The Case Against Satan, by Ray Russell (Penguin Classics, Reissued 2016)

Cover of The Case Against Satan by Ray Russell. The Case Against Satan details a young woman’s exorcism at the hands of a bishop and a priest. The bishop, traditional and hard-line, clashes with the modern young priest; the girl, who may or may not be possessed, tries to use this conflict to her advantage. At just 140 pages, the book doesn’t waste any time, taking us through the whole experience in brief but powerful chapters.

Russell’s spare but expressive prose drives the story and adds to the horror of the situation. Some of his characterizations feel a little on the nose, from the bigoted crank to the perverted, murderous father. The recent sexual abuse scandals also color how one views this book. Despite these qualms, the book managed to hold my interest to the end, and the final revelation is both surprising and satisfying.

The Case Against Satan delves into the role unconscious motivations may or may not play in an individual’s salvation. Would God damn you to hell for an action you committed unconsciously? The anguish surrounding this question reflects a growing anxiety about how psychology was revealing and restructuring our views of the mind, even of the soul.

There’s a subtle irony in the title. The modern priest, Gregory Sargent, doubts the existence of the devil. Over the course of the book, he comes to believe that Satan is a real creature that wills evil. Who is making “the case against Satan” here––and what kind of case is it? Are we arguing that Satan is wrong, or debating his existence?

Last Night at the Viper Room, by Gavin Edwards (It Books, 2013)

Cover of Last Night at the Viper Room, by Gavin Edwards.I’ve never seen a River Phoenix movie.* After reading this book, I’m not sure I want to. Not because he sounds untalented, but because this book hints at the darker side of Hollywood that’s now coming to light.

Let me clarify. Edwards never says that Phoenix abused, or was abused, by anyone in Hollywood. A few situations detailed in the book seem…dicey, to put it charitably, but there’s plenty of disturbing content here without stooping to speculation.

River Phoenix was born into the Children of God cult, which preached and practiced child sexual abuse. River lost his virginity at age four. It was okay, he insisted later in life; “I took a vow of chastity from ten to fourteen.” The family (then the Bottoms––yes, they named their son “River Bottom”) lived as missionaries in Venezuela, where River and his siblings sometimes sang on the street to earn money. His parents were either too brainwashed, dissociated, or unaware of the abuse to leave after River’s early experiences in the cult.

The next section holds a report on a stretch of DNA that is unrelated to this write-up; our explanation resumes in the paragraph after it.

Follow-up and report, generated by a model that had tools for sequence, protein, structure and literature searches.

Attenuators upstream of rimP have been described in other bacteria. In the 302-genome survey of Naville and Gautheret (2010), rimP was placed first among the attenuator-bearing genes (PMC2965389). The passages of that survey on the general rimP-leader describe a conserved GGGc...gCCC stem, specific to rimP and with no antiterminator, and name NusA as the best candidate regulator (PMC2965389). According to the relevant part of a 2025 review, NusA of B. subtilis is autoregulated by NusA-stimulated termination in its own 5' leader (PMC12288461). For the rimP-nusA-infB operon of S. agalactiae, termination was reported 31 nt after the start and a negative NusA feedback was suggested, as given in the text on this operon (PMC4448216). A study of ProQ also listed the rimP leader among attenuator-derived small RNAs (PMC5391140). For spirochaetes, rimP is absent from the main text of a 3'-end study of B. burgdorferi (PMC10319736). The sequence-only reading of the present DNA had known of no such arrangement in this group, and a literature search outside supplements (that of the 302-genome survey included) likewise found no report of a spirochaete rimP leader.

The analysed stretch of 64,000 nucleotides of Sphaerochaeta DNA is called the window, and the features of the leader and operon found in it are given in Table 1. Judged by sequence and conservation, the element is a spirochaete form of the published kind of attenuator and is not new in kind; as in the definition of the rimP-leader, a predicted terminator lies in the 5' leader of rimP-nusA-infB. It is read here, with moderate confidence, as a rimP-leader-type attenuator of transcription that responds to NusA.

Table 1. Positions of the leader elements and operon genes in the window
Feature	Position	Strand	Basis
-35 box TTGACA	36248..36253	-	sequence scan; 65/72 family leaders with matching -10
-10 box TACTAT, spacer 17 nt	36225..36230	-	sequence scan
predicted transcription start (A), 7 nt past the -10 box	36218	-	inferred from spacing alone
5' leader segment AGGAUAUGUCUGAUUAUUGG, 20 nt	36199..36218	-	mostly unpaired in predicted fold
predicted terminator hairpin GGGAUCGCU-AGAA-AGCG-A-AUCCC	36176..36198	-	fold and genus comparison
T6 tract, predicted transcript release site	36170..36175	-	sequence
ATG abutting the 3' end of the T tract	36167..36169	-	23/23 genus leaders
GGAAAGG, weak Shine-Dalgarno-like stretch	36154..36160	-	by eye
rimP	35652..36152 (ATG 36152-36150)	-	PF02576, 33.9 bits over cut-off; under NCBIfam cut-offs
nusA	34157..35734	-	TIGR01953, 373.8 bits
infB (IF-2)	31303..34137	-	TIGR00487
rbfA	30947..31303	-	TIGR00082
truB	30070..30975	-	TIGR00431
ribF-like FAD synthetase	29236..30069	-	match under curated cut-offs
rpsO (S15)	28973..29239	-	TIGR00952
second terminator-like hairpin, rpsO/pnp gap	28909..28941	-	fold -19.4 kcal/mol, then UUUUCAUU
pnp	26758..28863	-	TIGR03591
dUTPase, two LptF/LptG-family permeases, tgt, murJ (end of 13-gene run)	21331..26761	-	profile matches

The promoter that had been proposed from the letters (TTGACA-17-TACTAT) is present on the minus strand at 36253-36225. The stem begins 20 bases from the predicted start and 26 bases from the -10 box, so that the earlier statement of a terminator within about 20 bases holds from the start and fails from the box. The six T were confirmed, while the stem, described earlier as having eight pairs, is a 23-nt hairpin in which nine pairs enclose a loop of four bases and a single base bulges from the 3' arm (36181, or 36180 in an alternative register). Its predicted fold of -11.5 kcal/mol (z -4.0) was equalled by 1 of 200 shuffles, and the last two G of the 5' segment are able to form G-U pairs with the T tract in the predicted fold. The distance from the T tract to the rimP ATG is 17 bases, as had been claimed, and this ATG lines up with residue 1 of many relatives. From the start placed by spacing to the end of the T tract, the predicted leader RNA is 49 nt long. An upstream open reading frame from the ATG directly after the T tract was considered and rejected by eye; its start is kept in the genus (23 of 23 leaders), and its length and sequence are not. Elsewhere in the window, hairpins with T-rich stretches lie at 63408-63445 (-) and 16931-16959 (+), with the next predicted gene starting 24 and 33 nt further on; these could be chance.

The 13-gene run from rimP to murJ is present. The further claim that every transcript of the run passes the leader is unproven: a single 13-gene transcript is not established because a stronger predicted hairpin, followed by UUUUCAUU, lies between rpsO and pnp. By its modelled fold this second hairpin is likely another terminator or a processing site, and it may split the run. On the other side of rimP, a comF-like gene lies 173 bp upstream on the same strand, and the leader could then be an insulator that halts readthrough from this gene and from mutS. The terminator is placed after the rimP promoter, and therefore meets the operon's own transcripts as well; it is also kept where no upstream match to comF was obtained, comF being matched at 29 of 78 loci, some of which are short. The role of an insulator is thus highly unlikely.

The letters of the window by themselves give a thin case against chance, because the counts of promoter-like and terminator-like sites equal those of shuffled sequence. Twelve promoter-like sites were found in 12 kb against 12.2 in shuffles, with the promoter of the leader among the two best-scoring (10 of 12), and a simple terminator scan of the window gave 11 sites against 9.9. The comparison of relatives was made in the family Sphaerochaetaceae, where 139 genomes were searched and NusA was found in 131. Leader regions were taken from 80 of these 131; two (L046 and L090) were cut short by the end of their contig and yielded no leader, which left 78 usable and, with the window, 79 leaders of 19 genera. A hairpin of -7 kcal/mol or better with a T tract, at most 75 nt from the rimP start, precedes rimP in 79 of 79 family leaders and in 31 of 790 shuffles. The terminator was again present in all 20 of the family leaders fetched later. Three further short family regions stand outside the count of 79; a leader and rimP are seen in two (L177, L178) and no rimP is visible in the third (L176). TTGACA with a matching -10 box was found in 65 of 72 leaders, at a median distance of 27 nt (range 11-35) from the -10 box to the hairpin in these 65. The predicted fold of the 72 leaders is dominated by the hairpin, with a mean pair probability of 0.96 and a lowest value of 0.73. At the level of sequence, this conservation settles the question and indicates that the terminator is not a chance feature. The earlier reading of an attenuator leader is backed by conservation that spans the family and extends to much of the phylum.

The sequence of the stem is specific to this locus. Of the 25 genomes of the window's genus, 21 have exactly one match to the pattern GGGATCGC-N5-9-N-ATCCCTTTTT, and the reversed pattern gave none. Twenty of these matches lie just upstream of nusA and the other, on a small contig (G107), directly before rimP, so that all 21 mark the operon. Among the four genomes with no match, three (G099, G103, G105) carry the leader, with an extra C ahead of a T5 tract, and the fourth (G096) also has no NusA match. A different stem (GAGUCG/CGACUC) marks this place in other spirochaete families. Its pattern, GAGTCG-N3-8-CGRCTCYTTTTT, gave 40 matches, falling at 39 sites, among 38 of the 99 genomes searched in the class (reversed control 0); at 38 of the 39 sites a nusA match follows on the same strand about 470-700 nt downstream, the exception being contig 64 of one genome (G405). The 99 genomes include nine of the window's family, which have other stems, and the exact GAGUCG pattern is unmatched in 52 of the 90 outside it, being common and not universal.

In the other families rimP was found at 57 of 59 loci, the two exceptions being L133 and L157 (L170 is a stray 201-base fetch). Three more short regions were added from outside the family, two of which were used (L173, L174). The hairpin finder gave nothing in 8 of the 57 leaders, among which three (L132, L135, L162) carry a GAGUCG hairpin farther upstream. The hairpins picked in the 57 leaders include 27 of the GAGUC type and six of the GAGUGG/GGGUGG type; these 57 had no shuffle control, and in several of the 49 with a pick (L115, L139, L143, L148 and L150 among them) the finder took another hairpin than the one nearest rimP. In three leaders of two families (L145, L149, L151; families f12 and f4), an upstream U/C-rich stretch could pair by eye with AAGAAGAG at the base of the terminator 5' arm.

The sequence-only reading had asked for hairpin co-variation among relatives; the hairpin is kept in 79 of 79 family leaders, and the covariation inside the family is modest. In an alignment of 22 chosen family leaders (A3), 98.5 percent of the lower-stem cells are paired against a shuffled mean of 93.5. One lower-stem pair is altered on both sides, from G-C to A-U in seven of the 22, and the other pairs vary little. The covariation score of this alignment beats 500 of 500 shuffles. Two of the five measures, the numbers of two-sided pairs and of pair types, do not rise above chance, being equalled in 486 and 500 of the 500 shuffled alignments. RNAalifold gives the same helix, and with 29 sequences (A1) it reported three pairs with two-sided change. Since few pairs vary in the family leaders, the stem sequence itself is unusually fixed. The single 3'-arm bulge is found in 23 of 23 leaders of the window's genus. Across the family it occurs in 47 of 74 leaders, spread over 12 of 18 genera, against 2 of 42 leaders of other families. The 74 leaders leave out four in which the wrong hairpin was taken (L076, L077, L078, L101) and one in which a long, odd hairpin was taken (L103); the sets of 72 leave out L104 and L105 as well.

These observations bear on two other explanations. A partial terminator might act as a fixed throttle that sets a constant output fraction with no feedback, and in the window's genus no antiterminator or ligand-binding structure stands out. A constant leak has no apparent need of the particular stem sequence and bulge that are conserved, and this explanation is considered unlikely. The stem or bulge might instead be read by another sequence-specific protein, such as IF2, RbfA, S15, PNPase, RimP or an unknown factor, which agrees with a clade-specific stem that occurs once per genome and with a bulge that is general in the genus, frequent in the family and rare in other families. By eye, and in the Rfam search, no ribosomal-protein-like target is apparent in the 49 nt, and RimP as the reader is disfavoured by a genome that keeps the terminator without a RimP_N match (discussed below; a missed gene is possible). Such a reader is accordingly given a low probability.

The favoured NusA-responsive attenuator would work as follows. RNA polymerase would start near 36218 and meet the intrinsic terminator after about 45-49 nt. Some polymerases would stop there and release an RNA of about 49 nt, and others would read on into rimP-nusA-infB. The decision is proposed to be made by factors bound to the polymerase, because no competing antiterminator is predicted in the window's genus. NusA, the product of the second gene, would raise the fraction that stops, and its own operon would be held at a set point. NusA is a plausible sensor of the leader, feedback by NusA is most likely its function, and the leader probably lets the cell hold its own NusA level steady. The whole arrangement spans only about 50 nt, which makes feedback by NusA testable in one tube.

The Bottoms eventually left the Children of God and moved to Hollywood. They changed their last name to “Phoenix,” symbolizing a new beginning. River wanted to change the world through music, though he took some acting jobs to make money for the family. As time passed, he decided that he could also change the world through acting.

Phoenix co-starred in Stand by Me with Jerry O’Connell, Wil Wheaton, and Corey Feldman. This section is hard reading, given Feldman’s descriptions of endemic sexual abuse that he endured as a young actor. Did his costars suffer the same fate? Was River seen as an “easy target,” given his background? Last Night… doesn’t say, but these unanswered questions cast a shadow over the entire book. Even potentially innocent comments, such as River’s (and Corey’s) agent comparing child actors to meat, look more sinister in light of the scandals now engulfing Hollywood.

By all accounts, River Phoenix was a gentle and kind person until the last six months of his life, when his addictions consumed him. I felt sorry for him, but mostly I felt angry at all the people who failed him, both through action and inaction.


*Since writing this, I’ve seen Indiana Jones and the Last Crusade. He was a good actor. I’m still not sure I want to see any more.